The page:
At the time these tunes were made Little Roy was a near neighbour to Lee Perry, they both lived by Washington Gardens. So it was at the Black Ark studio that 'Tribal War' was recorded with Scratch at the desk, Dennis Brown on bass, Horsemouth on drums, Paul 'Pablo Black' Dixon on keyboards and Upsetter sessioneer Roy Hamilton on guitar. The rhythm for 'Prophesy' had been hustled by Blacka Morwell - a happy musical accident that created a Reggae classic.
Through the 70s the Twelve Tribes of Israel organisation played a great part in the life of Little Roy in confirming his devotion to Rastafarianism and determining his way of life. He was involved in shows with Fred Locks, Israel Vibration and Judy Mowatt, eventually stepping out of the scene in around 1979 as both Dennis Brown and Freddie McGregor came on board. Group singles were issued by Little Roy and Iron Rock (sic) on the Cash and Carry label in Jamaica.
With the end of the seventies came the release of two Little Roy discomixes for Herman Chin-Loy on the Brooklyn based Selection Exclusive imprint, both on old Studio One rhythms but in an emerging dancehall style - 'Long Time Rock Steady' and 'Skanking On The Banking'. 1981 saw a return to a stricter roots background with the first UK album release for Little Roy, 'Columbus Ship' on the Copasetic label, the rhythms being laid by a crew of heavyweights at Channel One with the mix at Harry J by the original Scientist. Although a worthy outing the set did not match the consistent quality of the artist's previous output. The eighties were a fairly lean period for Little Roy musically as he made moves between New York and Kingston.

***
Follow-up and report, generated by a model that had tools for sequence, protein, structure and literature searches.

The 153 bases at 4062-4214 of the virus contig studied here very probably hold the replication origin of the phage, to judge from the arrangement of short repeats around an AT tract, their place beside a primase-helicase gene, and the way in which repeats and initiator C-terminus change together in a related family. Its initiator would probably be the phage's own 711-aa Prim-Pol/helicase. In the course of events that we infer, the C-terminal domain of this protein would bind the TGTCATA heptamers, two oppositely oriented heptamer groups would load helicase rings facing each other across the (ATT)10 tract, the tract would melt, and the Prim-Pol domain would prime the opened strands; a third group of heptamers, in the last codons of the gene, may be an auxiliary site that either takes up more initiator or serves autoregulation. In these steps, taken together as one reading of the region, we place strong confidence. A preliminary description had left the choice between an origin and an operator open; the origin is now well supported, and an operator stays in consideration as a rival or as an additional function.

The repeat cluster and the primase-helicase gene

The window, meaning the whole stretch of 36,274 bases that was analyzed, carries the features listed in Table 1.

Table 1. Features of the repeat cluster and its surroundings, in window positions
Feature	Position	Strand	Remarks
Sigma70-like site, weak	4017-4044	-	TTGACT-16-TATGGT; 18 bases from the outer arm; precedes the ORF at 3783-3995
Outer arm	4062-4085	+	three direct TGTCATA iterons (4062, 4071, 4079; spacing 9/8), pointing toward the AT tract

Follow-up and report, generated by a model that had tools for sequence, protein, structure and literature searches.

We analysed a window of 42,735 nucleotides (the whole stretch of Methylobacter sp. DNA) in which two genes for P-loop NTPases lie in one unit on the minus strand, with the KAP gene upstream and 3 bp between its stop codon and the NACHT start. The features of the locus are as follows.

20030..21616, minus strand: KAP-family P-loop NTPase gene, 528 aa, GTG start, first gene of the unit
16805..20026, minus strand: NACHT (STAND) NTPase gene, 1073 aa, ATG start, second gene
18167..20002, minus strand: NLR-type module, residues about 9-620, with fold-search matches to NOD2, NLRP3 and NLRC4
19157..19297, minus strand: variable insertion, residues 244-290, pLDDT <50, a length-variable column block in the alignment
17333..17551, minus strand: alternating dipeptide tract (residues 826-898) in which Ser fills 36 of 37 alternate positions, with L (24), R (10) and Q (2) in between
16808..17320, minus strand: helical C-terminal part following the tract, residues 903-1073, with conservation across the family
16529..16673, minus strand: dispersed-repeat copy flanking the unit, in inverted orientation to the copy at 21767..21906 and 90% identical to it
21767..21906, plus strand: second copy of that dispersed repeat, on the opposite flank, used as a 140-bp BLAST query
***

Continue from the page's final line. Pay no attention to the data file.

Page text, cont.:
'Prophesy' the album was released in 1989, featuring all the old hits but with some recuts on the originals. A revival of interest in Little Roy was sparked in the early 1990s when Freddie McGregor scored in massive style with a Steelie & Clevie cut on 'Prophesy' in a modern idiom, but retaining the cultural touch via the styling of a great vocalist. And as is still the case with a big hit, version followed version with Little Roy himself contributing a cut to the one rhythm 'Prophesy' album 'Victory Dance'. Whether this fresh focus on the artist occasioned 1990s 'Live On' set is questionable, as the production continued as before in a warm roots vein without any intrusion of the prevalent digital studio techniques that have now become standard 'West Coast' Reggae. The album was a collection of new tunes and revisits of some old favourites.
At the time of writing Little Roy is recording again but this time in London. He is hoping to issue another collection of songs, some of which have been in the making since the seventies and others are recuts on tunes such as 'Bongo Nyah' and 'Jah Can Count On I'. His last live performance was on a European tour with Gregory Isaacs in 92/93 but he is intent on returning to the stage soon. Although Little Roy has been by no means a prolific Reggae artist, it is to his credit that this situation has been created by his single minded determination that his music should retain its dignity and integrity by not falling prey to the whims and pressures of business dealings. Therefore this set is proudly issued by Pressure Sounds on the basis that the central work of Little Roy must rightly stand for time and remain as a cornerstone of roots Reggae.
Steve Barker - On The Wire